Library Subscription: Guest
Home Begell Digital Library eBooks Journals References & Proceedings Research Collections
International Journal of Medicinal Mushrooms

Impact factor: 1.123

ISSN Print: 1521-9437
ISSN Online: 1940-4344

International Journal of Medicinal Mushrooms

DOI: 10.1615/IntJMedMushrooms.v7.i3.470
402 pages

Medicinal Uses of Fungi by New Zealand Maori People

Rebekah Fuller
Landcare Research, Private Bag 92170, Auckland, New Zealand
Peter Buchanan
Landcare Research, Private Bag 92170, Auckland, New Zealand
Mere Roberts
Landcare Research, Private Bag 92170, Auckland, New Zealand

ABSTRACT

Maori are the indigenous people of New Zealand, arriving about a thousand years ago from Polynesia and developing a tribal society based on natural resources of the forest, the sea, and fresh water. In the absence of written language prior to European colonization, transfer of knowledge by the Maori was oral. Early European explorers and ethnographers documented many significant features of Maori traditional knowledge. Much detail of their knowledge relating to fungi, however, appears to have been lost through disruption of oral transmission from elders to the young. This is indicated, for example, by the lack of known correlation between many of the 183 Maori names for different species of fungi and Latin binomials and lack of knowledge of the use of most species.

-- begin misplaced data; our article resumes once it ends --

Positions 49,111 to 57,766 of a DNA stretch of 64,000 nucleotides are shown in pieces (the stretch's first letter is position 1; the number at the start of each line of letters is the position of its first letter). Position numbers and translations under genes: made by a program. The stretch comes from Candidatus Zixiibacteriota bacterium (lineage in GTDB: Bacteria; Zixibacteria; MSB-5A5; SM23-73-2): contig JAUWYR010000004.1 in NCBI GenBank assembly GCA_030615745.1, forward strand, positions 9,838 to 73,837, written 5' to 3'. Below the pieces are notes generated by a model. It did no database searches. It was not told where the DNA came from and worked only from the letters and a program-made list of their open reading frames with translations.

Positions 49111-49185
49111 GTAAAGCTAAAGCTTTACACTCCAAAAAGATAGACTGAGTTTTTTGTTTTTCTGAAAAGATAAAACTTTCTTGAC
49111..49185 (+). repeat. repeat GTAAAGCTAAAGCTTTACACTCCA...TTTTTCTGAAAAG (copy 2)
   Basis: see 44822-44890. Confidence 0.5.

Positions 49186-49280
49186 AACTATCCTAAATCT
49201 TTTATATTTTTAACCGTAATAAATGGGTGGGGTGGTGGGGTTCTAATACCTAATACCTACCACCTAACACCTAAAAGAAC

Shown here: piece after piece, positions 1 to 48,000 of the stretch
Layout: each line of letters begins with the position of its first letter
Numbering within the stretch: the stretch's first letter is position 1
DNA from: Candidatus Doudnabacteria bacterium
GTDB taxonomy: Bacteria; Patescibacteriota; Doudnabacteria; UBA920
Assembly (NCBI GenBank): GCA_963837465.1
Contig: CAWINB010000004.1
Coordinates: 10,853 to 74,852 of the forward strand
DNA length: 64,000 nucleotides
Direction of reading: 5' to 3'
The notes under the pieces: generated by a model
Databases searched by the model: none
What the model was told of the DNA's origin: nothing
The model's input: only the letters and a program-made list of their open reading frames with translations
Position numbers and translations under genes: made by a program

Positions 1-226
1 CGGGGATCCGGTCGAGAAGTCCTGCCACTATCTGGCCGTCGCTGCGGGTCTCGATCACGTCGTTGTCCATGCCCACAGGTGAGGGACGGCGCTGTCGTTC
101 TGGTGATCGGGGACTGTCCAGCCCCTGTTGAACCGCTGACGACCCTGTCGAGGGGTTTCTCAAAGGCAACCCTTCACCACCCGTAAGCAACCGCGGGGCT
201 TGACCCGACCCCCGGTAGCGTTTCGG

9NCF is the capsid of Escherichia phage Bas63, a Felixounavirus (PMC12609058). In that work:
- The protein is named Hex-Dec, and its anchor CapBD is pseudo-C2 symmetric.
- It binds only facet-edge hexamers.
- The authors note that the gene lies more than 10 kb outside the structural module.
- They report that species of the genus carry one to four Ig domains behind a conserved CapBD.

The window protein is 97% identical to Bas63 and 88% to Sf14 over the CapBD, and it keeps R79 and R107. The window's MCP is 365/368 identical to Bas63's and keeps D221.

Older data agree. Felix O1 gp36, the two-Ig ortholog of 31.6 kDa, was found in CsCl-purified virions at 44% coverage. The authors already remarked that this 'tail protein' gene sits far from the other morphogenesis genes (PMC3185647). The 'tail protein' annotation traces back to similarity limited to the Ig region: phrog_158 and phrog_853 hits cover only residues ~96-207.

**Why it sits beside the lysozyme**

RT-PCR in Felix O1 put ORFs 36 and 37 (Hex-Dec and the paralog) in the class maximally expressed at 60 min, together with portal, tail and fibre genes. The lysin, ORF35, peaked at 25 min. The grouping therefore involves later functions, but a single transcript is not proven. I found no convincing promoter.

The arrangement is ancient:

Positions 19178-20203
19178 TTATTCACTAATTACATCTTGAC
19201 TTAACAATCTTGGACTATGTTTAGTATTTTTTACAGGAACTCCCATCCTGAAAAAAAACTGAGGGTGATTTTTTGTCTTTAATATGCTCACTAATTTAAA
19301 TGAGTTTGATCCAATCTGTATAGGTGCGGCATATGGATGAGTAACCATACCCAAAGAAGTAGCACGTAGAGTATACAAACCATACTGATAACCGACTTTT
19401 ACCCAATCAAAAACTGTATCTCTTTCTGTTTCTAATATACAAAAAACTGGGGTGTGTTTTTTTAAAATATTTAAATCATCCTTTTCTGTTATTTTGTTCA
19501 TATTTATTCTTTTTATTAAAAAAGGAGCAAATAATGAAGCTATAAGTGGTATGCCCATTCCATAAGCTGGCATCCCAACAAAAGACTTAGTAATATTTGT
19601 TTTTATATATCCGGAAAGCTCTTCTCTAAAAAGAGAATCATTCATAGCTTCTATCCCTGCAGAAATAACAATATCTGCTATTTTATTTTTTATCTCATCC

Fungi were not recognized as a natural grouping by Maori, and only recently has the word for Armillaria spp. (“harore”) been selected as the most appropriate generic term in Maori for all fungi. Consumption of mushrooms was the main use of fungi by Maori although mushrooms were not considered a prize food. Other uses included tinder and fire carrying (Laetiporus portentosus), a source of charcoal as pigment for “ta moko”—tatoo (Cordyceps robertsii), and as an environmental indicator (Armillaria spp. and mushrooms in general).
A recent attempt to collate Maori knowledge about fungi included a survey of published reports as well as interviews with Maori elders and younger Maori. Documented medicinal uses appear to be limited to six fungal species, and only one of these was known to interviewees. Detailed information is often lacking about preparation and application of the mushrooms and the definitive symptom(s) that were treated:

  • Agrocybe parasitica (tawaka) for treatment of fever, and given to expectant mothers (purpose unclear) and for those poisoned by toxic plants (Corynocarpus laevigatus, karaka, and Coriaria arborea, tutu).
  • Auricularia cornea (hakeke) for those poisoned by toxic plants (karaka and tutu).
  • Calvatia spp. (pukurau) as an anaesthetic, to staunch bleeding, and as pain relief following scalding.
  • Cordyceps robertsii (awheto) for asthma.
  • Laetiporus portentosus (putawa) as a wound protector, to soften and ease a difficult labor.
  • Usnea sp. (lichen) skin treatment.
There is an urgent need to encourage documentation of indigenous knowledge of fungi from other nations to avoid potential loss of this knowledge. From a New Zealand perspective, further understanding of uses of fungi by other South Pacific peoples could indicate additional species that might have been used for medicinal purposes by Maori.